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CAP Talk  |  Operations  |  Safety  |  Topic: Active Shooter training as a safety meeting topic
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Author Topic: Active Shooter training as a safety meeting topic  (Read 10980 times)
umpirecali
Forum Regular

Posts: 102
Unit: MER-VA-060

« Reply #40 on: December 25, 2015, 02:38:31 AM »

Quote

Nothing of the sort.  But I can tell you that if that type of incident occurs at a CAP event, that prohibition is a contributing factor. 

I don't disagree with you... but that doesn't mean we have to talk about gun free zones and other political hot topics.  Why is this such a hard topic for you to grasp?



Speaker: "Ok folks we are here today to talk about what to do if God forbid an active shooter comes in our building..."

Red person: "Isn't it true that Obama wants to take away all our guns and..."

Speaker interrupts: "that's not what we are here to talk about tonight..."

Blue person: "but if we pass stricter gun laws..."

Speaker interrupts: "all valid topics for discussion, but not here, tonight we are here to talk about what to do if ..."
« Last Edit: December 25, 2015, 02:42:13 AM by umpirecali » Report to moderator   Logged
Capt Chris Cali, CAP
Deputy Commander for Seniors
Safety Officer
Emergency Service Training Officer
Spam
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Posts: 1,241
Unit: GA-001

« Reply #41 on: December 25, 2015, 03:13:16 AM »

WELL said.

Let it stop there.


Spam
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arajca
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Posts: 4,382

« Reply #42 on: December 25, 2015, 03:24:47 AM »

Nothing of the sort.  But I can tell you that if that type of incident occurs at a CAP event, that prohibition is a contributing factor.  And hate to break it to you buddy but guns are not prohibited in airports.  And if an active shooter ever enters your building then you and the rest of the senior members failed in knowing who belongs there and providing adequate security measures. 

You want to teach to survive a little power point or wanna be youtube video isn't going to cut it.
You are assuming the seniors have control over the whole building. This is not usually the case. If a unit meets at a school, there probably will be other groups there as well.  Same can be said of a church.

We can control some entrances, but not all.

Do we know who belongs there by name or face? Not if they're not in the unit. If someone unfamiliar walks in, they are intercepted. Most often they're looking for the Boy Scouts, who meet at the same night and time. The Boy Scouts use other entrances than we use. If someone wants to get in, it's not a problem. From what I've read, most active shooters don't come in guns blazing. They get inside, then pull their weapons.

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sarmed1
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Posts: 943

« Reply #43 on: December 25, 2015, 09:57:11 PM »

Entry and concealment are easy.  Look like you belong, and no one usually asks you any questions, sometimes not even for ID.  If bags, cases and packs are part of that then all the better.  Most people as a matter of political correctness are not that vigilant.  In a previous assignment (given pre-9/11) it was part of my job to try and get myself and weapons/IED's into places they didn't belong and do other psedu-nefarious things.  This was primarily during exercises when they knew they were supposed to be looking extra hard, we were more often successful than not.  If someone is determined to do one of those types of things, they will.  The best the rest of us can do is be prepared to act when that magic first defense line fails.  Active shooter training is key to any group in any location, and IMHO should be a topic of safety discussion for CAP units.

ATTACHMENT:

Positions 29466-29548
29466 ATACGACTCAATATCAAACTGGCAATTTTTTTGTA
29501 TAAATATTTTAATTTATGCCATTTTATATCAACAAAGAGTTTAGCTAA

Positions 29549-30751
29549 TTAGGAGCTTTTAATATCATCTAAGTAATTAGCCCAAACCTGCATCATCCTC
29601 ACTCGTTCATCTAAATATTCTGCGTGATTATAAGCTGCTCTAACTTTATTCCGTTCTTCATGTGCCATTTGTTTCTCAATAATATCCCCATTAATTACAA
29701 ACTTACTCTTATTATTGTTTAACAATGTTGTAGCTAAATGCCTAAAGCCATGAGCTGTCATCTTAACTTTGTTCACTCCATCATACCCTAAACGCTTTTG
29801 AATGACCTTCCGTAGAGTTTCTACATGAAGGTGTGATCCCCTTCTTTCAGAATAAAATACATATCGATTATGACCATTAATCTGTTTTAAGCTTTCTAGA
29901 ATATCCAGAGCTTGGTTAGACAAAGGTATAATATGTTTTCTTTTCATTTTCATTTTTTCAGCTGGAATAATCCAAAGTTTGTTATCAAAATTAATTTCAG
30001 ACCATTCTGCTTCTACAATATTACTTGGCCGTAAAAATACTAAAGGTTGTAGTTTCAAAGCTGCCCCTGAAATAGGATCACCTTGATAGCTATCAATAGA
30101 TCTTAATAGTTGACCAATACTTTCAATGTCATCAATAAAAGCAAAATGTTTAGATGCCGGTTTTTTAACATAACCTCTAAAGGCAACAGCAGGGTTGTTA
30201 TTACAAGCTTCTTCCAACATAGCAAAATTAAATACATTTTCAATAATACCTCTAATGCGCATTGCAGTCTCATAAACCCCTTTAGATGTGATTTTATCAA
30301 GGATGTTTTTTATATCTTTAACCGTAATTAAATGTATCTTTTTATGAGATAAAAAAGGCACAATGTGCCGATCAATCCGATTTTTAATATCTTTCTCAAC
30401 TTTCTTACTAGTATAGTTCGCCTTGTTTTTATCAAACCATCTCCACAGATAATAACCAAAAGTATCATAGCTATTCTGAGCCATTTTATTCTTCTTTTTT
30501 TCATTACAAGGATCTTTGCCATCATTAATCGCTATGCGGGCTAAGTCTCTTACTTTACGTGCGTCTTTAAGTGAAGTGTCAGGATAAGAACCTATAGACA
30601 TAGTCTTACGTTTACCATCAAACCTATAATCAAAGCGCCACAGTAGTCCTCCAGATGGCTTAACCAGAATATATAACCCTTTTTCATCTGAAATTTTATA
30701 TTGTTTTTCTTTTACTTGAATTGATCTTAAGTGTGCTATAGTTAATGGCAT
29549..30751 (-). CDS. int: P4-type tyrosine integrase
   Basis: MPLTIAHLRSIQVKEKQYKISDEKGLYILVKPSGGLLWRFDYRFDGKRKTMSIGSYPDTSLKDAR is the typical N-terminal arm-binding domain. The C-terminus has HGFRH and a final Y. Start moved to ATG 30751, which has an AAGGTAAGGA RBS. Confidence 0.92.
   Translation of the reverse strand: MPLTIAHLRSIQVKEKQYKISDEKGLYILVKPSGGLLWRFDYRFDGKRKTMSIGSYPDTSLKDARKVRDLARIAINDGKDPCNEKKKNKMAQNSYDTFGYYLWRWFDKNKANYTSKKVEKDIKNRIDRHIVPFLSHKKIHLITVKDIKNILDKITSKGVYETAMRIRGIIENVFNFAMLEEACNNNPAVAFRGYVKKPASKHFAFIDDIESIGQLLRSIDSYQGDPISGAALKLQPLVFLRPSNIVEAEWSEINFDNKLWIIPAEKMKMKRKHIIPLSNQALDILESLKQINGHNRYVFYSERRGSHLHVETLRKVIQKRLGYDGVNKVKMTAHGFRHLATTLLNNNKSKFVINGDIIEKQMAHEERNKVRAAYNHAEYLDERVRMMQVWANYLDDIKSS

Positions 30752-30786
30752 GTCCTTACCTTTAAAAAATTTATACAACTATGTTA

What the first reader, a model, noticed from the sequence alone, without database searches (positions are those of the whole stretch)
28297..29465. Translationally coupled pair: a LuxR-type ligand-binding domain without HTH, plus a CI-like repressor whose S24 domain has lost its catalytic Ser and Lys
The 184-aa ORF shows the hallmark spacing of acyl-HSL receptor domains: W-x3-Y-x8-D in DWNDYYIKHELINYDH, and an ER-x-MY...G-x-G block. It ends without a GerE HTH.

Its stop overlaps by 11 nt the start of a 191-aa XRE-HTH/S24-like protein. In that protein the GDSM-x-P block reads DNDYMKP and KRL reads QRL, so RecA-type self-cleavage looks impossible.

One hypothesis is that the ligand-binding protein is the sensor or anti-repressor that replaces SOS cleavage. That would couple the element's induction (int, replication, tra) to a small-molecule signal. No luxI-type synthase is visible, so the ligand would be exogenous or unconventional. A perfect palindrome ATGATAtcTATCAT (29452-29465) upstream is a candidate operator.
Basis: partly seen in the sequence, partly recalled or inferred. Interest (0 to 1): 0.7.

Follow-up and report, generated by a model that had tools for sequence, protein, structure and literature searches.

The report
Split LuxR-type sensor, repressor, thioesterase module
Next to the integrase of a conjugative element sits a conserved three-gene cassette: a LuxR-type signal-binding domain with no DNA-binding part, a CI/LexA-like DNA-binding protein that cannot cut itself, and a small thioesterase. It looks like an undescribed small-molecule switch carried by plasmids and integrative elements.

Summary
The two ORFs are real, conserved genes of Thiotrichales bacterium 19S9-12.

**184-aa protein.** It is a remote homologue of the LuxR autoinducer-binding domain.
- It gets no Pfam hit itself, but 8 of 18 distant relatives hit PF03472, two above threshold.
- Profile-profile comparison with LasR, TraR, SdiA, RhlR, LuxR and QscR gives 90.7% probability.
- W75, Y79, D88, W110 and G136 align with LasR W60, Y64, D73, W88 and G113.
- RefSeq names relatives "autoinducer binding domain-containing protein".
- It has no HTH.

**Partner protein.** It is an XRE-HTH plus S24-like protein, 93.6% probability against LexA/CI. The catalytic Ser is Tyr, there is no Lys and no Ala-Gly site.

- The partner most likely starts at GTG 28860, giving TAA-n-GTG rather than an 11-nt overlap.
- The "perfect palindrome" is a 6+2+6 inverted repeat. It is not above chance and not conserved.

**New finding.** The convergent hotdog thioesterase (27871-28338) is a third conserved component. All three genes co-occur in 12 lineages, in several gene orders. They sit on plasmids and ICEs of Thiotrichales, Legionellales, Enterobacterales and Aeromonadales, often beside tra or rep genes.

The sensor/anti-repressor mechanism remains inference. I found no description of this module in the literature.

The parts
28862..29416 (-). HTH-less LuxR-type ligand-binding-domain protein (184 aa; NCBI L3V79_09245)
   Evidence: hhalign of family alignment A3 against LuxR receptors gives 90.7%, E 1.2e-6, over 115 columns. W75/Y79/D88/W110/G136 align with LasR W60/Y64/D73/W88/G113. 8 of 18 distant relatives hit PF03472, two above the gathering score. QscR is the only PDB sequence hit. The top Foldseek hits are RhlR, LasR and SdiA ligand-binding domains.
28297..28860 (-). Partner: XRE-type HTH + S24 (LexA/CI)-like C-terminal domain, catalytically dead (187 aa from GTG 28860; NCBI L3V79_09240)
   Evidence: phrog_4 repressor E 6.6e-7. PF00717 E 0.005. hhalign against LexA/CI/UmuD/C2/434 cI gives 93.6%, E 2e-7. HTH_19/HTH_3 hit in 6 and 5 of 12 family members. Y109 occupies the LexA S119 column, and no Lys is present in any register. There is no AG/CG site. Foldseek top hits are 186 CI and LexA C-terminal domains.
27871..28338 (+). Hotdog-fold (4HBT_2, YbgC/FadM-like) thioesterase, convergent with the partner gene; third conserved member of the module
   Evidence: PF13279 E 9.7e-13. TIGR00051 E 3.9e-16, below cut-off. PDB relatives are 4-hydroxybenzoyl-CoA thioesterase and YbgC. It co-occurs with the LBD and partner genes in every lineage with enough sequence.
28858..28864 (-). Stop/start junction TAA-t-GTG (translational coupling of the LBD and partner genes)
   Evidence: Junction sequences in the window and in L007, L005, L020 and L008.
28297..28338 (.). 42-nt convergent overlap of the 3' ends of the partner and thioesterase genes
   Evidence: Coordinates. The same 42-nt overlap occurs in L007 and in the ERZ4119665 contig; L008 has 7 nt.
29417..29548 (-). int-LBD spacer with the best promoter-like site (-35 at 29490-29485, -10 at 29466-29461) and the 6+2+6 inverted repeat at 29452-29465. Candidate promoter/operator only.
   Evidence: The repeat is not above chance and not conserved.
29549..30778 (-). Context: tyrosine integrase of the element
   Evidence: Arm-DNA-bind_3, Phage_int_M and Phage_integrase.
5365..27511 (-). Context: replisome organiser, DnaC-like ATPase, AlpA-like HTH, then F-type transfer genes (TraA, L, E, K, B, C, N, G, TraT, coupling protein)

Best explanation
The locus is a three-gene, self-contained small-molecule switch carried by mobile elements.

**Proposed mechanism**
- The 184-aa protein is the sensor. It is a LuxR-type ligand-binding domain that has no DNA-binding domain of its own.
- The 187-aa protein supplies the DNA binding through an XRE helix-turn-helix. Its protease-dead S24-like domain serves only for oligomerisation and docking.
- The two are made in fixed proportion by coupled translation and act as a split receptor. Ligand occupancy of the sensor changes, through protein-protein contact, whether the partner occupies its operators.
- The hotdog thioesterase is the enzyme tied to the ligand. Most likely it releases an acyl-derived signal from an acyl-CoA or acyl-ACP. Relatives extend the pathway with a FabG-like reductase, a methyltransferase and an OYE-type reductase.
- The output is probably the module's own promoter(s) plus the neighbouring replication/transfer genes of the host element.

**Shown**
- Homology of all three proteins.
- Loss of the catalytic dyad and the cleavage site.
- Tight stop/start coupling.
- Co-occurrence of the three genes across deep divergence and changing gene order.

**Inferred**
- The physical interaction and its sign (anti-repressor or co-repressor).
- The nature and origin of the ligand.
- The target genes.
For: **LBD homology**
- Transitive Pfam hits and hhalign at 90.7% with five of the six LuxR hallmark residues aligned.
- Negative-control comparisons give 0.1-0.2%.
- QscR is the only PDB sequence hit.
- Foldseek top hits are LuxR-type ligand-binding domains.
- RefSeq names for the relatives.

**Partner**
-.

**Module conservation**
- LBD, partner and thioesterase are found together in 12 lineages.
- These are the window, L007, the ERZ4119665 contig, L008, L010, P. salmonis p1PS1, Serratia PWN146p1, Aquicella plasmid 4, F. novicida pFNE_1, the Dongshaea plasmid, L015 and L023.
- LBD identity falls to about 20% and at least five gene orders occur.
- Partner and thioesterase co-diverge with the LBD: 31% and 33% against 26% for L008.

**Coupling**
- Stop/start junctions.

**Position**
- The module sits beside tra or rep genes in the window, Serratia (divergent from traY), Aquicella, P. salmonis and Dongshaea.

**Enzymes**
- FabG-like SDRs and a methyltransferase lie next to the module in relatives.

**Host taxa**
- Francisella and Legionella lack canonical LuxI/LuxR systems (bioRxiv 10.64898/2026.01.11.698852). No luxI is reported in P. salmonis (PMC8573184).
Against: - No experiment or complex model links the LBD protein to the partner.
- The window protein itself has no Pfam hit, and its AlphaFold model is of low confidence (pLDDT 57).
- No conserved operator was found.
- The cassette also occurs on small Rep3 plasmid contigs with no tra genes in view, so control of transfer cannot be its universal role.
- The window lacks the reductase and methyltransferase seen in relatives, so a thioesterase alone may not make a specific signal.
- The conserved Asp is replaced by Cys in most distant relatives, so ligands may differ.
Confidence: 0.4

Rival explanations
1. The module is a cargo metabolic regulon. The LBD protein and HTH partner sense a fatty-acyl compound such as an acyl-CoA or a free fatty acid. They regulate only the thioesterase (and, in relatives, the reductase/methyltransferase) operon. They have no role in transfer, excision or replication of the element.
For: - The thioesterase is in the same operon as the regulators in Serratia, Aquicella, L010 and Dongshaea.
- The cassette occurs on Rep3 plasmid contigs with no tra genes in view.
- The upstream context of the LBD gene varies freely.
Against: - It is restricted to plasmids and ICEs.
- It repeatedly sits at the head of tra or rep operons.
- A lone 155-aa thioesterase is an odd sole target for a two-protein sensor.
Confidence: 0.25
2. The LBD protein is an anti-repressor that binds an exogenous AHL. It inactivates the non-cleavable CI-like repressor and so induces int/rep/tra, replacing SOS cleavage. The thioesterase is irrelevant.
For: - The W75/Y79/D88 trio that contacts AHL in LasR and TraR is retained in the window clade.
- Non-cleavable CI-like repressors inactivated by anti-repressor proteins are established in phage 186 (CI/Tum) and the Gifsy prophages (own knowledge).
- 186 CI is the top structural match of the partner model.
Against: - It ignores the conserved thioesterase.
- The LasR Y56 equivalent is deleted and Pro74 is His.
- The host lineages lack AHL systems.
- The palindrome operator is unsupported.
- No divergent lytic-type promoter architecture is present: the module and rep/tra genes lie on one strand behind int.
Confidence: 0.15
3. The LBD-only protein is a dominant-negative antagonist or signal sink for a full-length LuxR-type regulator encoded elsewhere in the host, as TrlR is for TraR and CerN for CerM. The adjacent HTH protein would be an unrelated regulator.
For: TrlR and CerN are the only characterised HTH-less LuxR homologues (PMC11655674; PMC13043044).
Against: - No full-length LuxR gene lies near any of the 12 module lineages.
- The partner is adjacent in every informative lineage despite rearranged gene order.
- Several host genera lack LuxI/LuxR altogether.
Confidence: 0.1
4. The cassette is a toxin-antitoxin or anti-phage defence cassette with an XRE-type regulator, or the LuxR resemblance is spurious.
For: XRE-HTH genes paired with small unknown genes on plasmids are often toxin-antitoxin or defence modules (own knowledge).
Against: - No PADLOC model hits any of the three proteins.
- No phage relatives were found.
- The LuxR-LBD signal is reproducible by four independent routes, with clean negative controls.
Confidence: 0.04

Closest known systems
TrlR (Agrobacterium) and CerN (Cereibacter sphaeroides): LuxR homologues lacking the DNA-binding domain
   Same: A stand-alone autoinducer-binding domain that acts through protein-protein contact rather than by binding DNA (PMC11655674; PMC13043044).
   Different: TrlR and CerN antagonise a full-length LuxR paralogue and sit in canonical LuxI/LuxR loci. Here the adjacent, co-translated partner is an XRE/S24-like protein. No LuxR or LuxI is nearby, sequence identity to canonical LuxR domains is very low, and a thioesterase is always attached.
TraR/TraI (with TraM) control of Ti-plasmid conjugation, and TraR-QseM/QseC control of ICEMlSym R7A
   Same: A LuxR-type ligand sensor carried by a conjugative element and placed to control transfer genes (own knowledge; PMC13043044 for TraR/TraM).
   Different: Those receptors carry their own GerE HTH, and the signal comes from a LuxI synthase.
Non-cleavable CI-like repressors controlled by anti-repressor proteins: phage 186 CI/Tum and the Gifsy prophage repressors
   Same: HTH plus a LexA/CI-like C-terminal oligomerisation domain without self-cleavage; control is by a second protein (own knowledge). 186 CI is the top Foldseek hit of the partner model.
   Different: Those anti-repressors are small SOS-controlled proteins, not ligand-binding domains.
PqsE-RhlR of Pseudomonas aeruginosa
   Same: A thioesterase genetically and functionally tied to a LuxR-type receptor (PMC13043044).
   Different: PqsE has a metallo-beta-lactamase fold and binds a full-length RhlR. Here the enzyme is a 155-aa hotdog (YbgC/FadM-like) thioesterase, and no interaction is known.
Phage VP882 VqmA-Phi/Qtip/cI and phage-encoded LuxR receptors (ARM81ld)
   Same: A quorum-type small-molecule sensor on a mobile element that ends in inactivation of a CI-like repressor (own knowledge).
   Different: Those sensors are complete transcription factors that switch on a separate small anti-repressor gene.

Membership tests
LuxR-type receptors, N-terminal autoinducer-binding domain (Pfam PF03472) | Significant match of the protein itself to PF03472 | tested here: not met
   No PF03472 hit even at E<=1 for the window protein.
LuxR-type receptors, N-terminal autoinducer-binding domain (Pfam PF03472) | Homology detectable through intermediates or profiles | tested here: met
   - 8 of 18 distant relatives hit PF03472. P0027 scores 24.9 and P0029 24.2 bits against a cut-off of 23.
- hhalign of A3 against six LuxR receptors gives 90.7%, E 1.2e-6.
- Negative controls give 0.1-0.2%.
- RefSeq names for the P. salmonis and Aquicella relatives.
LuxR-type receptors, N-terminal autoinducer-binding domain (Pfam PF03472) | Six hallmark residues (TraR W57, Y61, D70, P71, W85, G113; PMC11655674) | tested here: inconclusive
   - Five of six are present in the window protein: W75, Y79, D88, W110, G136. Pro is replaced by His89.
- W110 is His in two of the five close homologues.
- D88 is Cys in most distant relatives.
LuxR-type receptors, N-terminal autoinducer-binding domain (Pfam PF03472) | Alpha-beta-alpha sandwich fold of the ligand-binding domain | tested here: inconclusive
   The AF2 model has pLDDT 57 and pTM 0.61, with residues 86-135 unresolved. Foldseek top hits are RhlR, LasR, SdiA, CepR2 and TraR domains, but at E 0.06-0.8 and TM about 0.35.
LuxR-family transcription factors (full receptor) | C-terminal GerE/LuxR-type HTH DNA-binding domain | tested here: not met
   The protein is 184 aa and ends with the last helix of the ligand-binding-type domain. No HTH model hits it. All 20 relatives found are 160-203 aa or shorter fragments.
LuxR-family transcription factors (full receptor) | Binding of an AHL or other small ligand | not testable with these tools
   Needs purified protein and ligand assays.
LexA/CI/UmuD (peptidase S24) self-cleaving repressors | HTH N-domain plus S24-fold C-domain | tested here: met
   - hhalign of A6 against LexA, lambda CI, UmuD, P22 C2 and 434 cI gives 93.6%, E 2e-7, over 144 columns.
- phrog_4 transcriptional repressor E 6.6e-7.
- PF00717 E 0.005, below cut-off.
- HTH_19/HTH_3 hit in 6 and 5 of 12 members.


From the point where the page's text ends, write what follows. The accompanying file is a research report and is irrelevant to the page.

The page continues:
As a medical professional, it is also important to teach/touch on immediate medical care.  Like flying pig mentioned, LE is going to bypass anyone who isnt a threat especially when shots are still being fired and likely for a good time after that, this includes providing medical care.  It is more likely you will die from injury (blood loss) before medical help will get to you than the initial shooting (less than 40% of GSW type wounds in "combat" type injuries are immediately fatal)  Though the process is slowly changing, most EMS services still won enter a scene, until police declare it safe, ie have found the threat and ensure its ended, including secondary devices or other actors.  In some cases this is upwards of 45-90 minutes; bleeding control (TQ's and pressure dressings) and simple airway control  by your friends and co-workers while you are waiting will be what makes the difference if you made it thru the initial attack....

mk
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Mark Kleibscheidel
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« Reply #44 on: December 26, 2015, 04:42:49 AM »

I think the OP has been adequately given enough feedback. I am also not a fan of the ill-attempted humor over a subject that is a crippling reality in our society right now. For those whose lives have been affected or will be affected by mass violence, it's not funny. Keep that stuff in your PM box.

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Lt Col, CAP
Former C/Lt Col
Former this & that
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CAP Talk  |  Operations  |  Safety  |  Topic: Active Shooter training as a safety meeting topic
 


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